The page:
Difference Between Internal and External Audits
Internal audits and external audits are integral components of a company’s financial controls system. They both aim to evaluate a company’s financial practices, internal controls, and compliance. However, they differ in terms of their scope, objectives, and who conducts them:
- Internal Audits: Internal audits are conducted by an organization’s own employees or by an external party hired to serve as the internal auditor. The internal audit function is part of the organization, and its purpose is to provide independent assurance that an organization’s risk management, governance and internal control processes are operating effectively. Internal audits typically focus on business processes, internal controls, risk management, and areas of operational improvement. The scope of internal audits is determined by the organization itself and can be quite broad, encompassing any area the organization thinks needs auditing.
- External Audits: External audits are conducted by an independent accounting firm that is not affiliated with the organization being audited. The primary goal of an external audit is to issue an opinion on the fair presentation of the organization’s financial statements. This involves verifying that the statements have been prepared in accordance with accepted accounting principles, and that they reflect the organization’s financial position accurately. External audits are typically required by law or regulation for publicly traded companies and certain types of non-profits and government agencies.
In summary, the key differences between internal and external audits are who conducts them and their primary objectives. Internal audits are performed by an organization’s own auditors and focus on improving internal controls and processes, while external audits are conducted by independent auditors and focus on verifying the accuracy of the financial statements.
Example of the Difference Between Internal and External Audits
Let’s consider a fictional company, “HealthBuddy Inc.,” a manufacturer of fitness equipment.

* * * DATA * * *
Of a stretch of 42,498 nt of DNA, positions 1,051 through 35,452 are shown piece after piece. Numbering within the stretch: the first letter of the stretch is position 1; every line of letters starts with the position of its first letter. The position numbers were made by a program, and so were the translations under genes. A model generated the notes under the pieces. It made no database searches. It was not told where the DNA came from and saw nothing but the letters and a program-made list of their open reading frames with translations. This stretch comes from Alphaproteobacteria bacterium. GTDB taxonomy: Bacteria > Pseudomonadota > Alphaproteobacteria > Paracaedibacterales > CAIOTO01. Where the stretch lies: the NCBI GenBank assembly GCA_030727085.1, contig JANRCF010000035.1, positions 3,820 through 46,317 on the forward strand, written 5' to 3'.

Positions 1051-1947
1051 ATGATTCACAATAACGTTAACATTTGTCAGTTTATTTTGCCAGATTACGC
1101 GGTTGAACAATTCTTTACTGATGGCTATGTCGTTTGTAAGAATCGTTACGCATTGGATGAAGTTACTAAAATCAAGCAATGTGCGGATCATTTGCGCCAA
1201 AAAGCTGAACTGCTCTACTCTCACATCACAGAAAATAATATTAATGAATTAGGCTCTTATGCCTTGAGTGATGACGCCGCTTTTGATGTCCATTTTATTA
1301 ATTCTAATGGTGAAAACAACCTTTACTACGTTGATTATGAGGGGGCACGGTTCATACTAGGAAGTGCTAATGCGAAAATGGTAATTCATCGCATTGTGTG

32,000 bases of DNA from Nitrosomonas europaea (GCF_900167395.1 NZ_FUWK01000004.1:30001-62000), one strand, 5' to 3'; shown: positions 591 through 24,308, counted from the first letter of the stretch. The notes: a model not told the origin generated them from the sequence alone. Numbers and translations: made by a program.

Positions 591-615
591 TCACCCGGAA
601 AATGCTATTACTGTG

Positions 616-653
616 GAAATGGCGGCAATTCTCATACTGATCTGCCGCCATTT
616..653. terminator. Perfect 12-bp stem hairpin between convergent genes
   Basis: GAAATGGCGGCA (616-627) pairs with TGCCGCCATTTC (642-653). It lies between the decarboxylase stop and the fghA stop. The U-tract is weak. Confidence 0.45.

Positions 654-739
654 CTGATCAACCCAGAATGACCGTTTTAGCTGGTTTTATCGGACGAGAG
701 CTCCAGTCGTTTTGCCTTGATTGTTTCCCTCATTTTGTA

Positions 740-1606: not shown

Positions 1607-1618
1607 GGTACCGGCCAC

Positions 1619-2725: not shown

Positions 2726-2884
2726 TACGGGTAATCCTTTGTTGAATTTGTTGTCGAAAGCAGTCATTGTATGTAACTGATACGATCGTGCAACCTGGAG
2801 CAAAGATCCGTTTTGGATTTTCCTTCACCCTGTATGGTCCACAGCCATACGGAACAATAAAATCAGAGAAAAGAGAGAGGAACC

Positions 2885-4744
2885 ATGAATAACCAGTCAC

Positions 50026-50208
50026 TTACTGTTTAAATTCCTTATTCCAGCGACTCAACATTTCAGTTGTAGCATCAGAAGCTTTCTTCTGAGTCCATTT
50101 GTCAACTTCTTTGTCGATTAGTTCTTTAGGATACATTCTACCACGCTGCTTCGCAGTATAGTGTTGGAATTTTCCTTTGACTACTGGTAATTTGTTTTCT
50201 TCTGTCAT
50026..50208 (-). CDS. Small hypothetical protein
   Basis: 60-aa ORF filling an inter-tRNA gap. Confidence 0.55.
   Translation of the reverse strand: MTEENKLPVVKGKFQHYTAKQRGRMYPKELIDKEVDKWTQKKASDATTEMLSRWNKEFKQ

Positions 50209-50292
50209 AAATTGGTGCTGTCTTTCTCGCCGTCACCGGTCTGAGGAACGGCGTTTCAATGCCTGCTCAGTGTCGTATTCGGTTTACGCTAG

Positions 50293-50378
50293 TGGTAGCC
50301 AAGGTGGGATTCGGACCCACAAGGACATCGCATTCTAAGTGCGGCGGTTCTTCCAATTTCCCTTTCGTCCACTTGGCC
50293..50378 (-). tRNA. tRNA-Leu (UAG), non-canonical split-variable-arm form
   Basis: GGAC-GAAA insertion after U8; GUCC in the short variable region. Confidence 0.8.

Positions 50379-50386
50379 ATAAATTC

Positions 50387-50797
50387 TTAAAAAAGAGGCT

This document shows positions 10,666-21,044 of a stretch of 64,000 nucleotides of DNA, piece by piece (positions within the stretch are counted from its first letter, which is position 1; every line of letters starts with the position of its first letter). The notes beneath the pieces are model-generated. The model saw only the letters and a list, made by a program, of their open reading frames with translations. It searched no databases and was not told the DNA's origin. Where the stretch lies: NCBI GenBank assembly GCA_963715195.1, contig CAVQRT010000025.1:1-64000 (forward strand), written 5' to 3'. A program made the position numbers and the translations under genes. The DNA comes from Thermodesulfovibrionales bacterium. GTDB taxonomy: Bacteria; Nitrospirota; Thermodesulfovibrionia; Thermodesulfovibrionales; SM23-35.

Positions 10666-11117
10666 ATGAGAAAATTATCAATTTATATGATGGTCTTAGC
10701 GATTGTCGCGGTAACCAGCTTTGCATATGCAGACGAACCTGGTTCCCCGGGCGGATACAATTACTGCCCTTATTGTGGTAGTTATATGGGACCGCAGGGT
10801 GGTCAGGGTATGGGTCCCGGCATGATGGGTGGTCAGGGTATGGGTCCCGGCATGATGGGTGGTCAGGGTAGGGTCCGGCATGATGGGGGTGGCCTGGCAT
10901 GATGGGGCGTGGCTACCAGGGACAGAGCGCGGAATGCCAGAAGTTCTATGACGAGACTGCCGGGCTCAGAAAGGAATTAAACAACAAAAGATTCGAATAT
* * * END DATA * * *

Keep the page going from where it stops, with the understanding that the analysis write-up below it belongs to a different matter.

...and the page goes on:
Internal Audit: An internal audit at HealthBuddy Inc. might focus on assessing the effectiveness of the inventory management process. The internal audit team could review the inventory turnover rates, procedures for recording and monitoring inventory, as well as the measures in place to prevent theft or loss of inventory. If they find any areas of weakness or inefficiency, they would report these to management with recommendations for improvement. This is an example of an operational audit, one type of internal audit, focusing on improving internal processes and controls.
External Audit: On the other hand, an external audit firm is hired to review HealthBuddy Inc.’s annual financial statements. The auditors would assess whether the reported inventory figures, as well as other financial information such as sales, costs, and liabilities, are accurately presented. They would follow auditing standards to test the validity of the transactions recorded in the company’s accounting systems. Their goal is to assure shareholders, creditors, and other stakeholders that the company’s financial statements are reliable. At the end of the audit, the audit firm would issue an opinion on whether the financial statements present a true and fair view of HealthBuddy Inc.’s financial position and performance.
This example illustrates how internal and external audits differ in their focus and objectives. While the internal audit is geared towards improving operations and internal controls, the external audit is designed to provide assurance about the accuracy and fairness of the financial statements.